That wasn't a bad night's sleep considering we were parked in a side road leading to the large public car park. The traders arrived fairly early, though not as early as we had expected. This is after all Spain.
The big treat this morning was that we were able to have a lovely hot shower, as for some reason our gas boiler has come back to life, though for how long we've no idea. Once we get past Gibraltar we'll get it looked at.
We would have liked to have had a look around the market before leaving but the triple parking down the street was getting crazy and I was fearful we'd either get scraped or blocked in while we were away from the vehicle.
Treat number two was that I'd gone on to a website and found the GPS co-ordinates of a filling station about eight miles in the wrong direction (GPS: N36.710854° W6.120961°), so off we went to find it.
Praise be, it sold Autogas, and it was where it was supposed to be. The idea on the forecourt was that a member of staff would fill us up. I'd already screwed in the adaptor before he arrived. Once again the LPG tanks filled up so slowly I offered to take over from him as you have to keep the palm of your hand continually pressed on the button for the gas to discharged. There was no resistance from him and so I stood there for absolutely ages while we watched the litres counter go round very slowly. I think the speed of the gas, or lack of it may be due to the flexible pipes from the filling point to the tanks being quite narrow and perhaps slows the rate down, yet I'm sure we fill the tanks up much quicker on Morrisons forecourts back home.
In the end we gave up. We were happy to settle for a sufficient amount to take the pressure off us for a while. Then it was off to Jerez.
For some reason the satnav wouldn't accept the co-ordinates I'd given it, insisting it needed a road name. This is the second time it's done that to us on this trip. It worked to our advantage though because after we pulled in to a service area I checked my options and changed our destination to our advantage as it turned out. Instead of just having a free piece of concrete to stand on, we have a Camperstop with all facilities (GPS: N36.71298° W6.10965°), a Ford dealership next door and a Lidl and large Mercadona supermarket not far down the road, and to top it all across the road from the supermarkets are not one but two filling stations, both selling Autogas, so when we leave here we'll have another session of button pushing.
We were greeted by our host with a very nice glass of chilled sherry, then taken to our parking spot. Once we were hooked up I tested the boiler again and it is still functioning, so fingers crossed for a nice hot shower again tomorrow. There are two unisex toilet/shower cubicles here to use, but I seldom trust the hygiene standards and habits of my fellow man, and so I think we'll be using our own.
So tomorrow is to be a whole day in Jerez and include something The Chef really wanted to do the last time we were here, and yes - we will be going there in a taxi.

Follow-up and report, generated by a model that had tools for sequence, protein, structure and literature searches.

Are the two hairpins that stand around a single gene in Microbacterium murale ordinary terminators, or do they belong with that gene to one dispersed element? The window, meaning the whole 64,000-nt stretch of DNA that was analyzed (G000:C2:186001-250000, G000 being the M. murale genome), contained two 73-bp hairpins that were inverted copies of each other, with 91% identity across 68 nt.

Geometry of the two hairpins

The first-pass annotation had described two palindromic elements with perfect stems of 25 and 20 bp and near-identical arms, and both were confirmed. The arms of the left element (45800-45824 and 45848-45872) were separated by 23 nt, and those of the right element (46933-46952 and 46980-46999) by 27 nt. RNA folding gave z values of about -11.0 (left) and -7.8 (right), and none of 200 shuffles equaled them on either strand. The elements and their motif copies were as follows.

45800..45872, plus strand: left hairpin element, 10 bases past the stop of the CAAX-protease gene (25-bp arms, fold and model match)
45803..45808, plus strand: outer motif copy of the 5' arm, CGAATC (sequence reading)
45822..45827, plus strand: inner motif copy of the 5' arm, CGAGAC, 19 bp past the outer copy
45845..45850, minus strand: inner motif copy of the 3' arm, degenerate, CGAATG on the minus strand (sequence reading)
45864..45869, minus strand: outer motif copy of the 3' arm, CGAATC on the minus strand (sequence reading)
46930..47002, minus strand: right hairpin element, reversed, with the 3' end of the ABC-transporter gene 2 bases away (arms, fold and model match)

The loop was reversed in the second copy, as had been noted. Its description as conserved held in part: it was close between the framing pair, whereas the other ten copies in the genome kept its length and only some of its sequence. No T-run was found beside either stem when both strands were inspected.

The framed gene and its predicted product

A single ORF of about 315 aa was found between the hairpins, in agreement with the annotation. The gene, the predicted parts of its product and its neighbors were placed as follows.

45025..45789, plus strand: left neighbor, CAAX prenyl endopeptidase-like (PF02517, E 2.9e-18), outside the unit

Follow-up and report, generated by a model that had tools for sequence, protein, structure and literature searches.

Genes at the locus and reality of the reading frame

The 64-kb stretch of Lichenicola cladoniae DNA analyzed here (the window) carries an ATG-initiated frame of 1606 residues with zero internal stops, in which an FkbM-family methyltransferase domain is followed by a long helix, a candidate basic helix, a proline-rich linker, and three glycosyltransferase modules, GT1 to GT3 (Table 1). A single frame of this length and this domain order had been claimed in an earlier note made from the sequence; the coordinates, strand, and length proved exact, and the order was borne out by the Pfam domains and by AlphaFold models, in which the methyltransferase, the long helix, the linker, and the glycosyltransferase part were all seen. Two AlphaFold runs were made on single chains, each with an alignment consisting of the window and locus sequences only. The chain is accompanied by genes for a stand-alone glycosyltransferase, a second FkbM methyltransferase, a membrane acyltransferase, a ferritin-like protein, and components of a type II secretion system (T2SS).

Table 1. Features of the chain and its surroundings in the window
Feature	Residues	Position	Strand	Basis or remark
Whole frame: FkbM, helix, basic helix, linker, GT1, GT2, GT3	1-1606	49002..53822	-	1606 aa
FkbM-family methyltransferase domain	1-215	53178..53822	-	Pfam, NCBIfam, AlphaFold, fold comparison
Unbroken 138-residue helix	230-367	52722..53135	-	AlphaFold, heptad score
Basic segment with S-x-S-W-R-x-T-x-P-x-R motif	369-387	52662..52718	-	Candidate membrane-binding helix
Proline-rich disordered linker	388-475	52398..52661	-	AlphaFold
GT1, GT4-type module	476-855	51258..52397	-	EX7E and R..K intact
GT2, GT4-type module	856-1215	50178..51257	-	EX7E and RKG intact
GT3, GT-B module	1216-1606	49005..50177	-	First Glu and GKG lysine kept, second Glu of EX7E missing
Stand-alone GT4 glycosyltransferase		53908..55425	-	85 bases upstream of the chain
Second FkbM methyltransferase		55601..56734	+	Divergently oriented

So as this is Jerez, famous for its sherry production, I shall pass on some insight in to sherry, should it be of interest to you.
A Guide to Sherries:
FINO is dry, light and the colour of straw. Like most sherries, it is made from palomino grapes that grow in the chalky soil in Jerez. Aged in oak barrels under a layer of yeast known as flor, fino must be well chilled and goes well with a lot of foods, particularly almonds, Iberico ham and even spicy dishes.
MANZANILLA is produced in the same way as fino, but is made on the coast in Sanlucar de Barrameda, in the delta where the Guadalquivir river meets the Atlantic. The climate changes the flor yeast, giving the sherry a distinct flavour. Always drink it chilled and, if possible, with the freshest shellfish you can find.
AMONTILLADO starts being aged in the same way as fino, but the development of the flor yeast is halted. Contact with air means the sherry takes on an amber hue with a more complex, nutty flavour – although it is still dry. Try it with tuna or chicken, but it goes well with lots of things, so just experiment. Serve it slightly chilled.
PALO CORTADO also starts out as a fino, but in this case the flor yeast dies off naturally for some reason, so palo cortado sherries are a bit of a lucky accident. Another one to drink slightly chilled, maybe with some nuts and mature cheese or braised meats such as oxtail.
OLOROSO ages without a layer of yeast and is a deep bronze colour with a rich taste. Like amontillado and palo cortado, it pairs well with robust flavours and should also be served slightly chilled.
PEDRO XIMENEZ (PX) gets its name from the grapes used to make it, which are sun-dried to give a sweeter flavour. This mahogany, raisin-like sherry is delicious poured over vanilla ice cream or anything with dark chocolate – but you might be surprised at how well it goes with a pungent blue cheese, too.
CREAM sherries are usually a blend of oloroso with Pedro Ximenez or muscatel, creating a semi-sweet taste. Be warned that cheaper ones may use something else as a sweetener.
PALE CREAM is a blend of fino and Pedro Ximenez and goes well with pâté. Cream sherries should be slightly chilled and are good with blue cheese as well as desserts.